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Advice & Representation

After escaping to another country to seek protection from persecution, the most critical challenge facing refugees is the determination of their status as refugees. Depending on which country they end up in, this status is determined by the Refugee Status Determination (RSD) procedure established either by the government of that country or by the local office of the United Nations High Commissioner for Refugees (UNHCR). If refugees are denied this status by either decision-maker they will likely be deported to their country of origin.

The RSD process is complex and requires decision-makers to have a correct knowledge of relevant legal principles as well as the ability to assess appropriately the merits of the case, which often contains unfamiliar and complicated factual situations about a foreign country. While each case has its own peculiarities and needs to be fully and adequately presented to the examining authority, very few refugee claimants have any familiarity with the requirements of RSD systems. Many are unable to function in the foreign language of the country where they claim asylum.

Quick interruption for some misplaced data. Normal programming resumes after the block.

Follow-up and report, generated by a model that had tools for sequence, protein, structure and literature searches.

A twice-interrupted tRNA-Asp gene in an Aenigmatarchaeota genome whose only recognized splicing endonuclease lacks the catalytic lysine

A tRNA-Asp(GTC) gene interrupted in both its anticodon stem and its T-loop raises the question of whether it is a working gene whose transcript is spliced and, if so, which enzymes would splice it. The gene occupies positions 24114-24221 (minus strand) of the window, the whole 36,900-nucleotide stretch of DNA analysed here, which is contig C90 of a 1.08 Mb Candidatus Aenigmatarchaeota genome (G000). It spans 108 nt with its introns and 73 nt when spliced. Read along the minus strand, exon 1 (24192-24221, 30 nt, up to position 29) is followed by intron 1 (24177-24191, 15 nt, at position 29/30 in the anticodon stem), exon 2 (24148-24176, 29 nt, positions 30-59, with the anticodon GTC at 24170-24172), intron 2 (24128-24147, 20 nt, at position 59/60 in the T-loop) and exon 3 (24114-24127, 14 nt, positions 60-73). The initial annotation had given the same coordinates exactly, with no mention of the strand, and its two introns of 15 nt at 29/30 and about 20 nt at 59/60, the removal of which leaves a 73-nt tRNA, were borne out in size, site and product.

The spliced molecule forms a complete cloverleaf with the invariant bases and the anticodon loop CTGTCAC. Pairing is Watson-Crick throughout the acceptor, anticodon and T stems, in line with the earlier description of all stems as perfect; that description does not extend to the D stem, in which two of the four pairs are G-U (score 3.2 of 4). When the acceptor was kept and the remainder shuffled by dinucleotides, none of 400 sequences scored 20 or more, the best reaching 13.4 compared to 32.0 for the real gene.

A competent legal advisor is therefore essential to ensure that the refugee claimant explains the facts of his or her claim clearly and comprehensively and to provide the needed legal arguments to show that s/he meets the legal criteria for refugee status. Understanding the claimant's culture and direct communication in his or her mother tongue makes the process considerably more accurate and productive.